Going back to the orginally decision to reclassify cannabis, the decision which set this train in motion and pitted Nutt against the Government, let's be clear that the Government were entirely within their rights to make that call. Drugs policy is a matter for the Home Office and its elected ministers. The process in which it is formulated sees many groups contribute, one of which is the ACMD. Whether one agrees with the decision or not, it is the Government's to make, not the panel, and Professor Nutt is wrong to suggest (as he does in today's Times) that drugs policy should be set by a genuinely independent panel. Drugs remain a political and social issue, not just a health one, and therefore politicians must still decide policy. 


But while the Government is completely within its rights to reject the recommendations of the ACMD, it is duty bound to listen to its advice, and explain the public why it is not accepting that advice. We the taxpayer are paying the rail fares for the country's leading experts to get together and make recommendations, and therefore our Government must listen, even if the advice is not want they wanted to hear. If they only want a rubber stamp, let Parliament be the advisory body.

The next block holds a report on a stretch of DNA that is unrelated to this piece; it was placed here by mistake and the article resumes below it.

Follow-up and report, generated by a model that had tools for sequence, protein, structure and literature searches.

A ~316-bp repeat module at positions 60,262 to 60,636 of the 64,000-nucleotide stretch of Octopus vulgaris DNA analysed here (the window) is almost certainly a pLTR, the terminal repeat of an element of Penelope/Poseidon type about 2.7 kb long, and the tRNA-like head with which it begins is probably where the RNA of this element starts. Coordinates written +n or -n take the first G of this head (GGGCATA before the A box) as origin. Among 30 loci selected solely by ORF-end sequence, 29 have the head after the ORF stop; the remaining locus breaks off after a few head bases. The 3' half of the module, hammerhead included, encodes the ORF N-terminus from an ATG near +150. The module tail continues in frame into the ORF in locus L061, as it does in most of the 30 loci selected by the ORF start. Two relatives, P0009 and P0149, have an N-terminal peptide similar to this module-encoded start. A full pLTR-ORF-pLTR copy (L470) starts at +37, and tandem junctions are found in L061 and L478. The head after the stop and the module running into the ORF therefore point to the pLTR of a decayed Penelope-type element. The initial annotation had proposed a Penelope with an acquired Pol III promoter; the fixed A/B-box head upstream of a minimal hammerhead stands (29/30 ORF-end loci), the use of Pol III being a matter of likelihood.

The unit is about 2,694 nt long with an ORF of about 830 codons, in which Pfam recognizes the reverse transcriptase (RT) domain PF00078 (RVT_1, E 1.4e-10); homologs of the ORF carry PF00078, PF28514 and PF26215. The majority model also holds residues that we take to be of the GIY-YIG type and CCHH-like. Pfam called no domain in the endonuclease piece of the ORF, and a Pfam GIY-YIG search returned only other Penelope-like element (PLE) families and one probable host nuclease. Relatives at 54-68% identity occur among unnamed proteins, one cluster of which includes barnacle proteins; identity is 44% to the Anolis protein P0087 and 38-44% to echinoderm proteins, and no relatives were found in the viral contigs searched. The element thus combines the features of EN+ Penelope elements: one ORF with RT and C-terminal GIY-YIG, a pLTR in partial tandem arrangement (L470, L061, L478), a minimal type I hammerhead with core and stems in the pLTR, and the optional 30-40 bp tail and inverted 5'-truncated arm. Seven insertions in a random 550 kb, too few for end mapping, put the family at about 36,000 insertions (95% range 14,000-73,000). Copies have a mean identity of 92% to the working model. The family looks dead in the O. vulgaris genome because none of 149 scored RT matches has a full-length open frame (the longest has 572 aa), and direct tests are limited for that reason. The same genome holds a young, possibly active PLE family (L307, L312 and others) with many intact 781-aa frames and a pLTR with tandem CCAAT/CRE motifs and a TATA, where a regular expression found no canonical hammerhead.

Of course, last year the Government didn't make the effort the explain why they were rejecting the ACMD's advice. Instead they briefed furiously against it (typical of the bunker mentality) and even cast aspersions on Nutt himself. Unsurprisingly he took up the cause against them, and here we are today, with experts now distrustful of the Government they advise, and Government furious at the scientists they elevated to advisers.


But if you are going to pursue 'evidence based policy', then experts you must have. And if you are going to reject their advice, you must make your case. The irritation that was Professor Nutt as Chairman of the ACMD was handled so badly by Johnson and the Home Office that he is now Professor Nutt the aggrieved and unfairly treated, with a platform on every news channel to rubbish the Government's drugs policy. As more expert advisers quit today, Johnson may start to think that a quick smoke might not be a bad idea.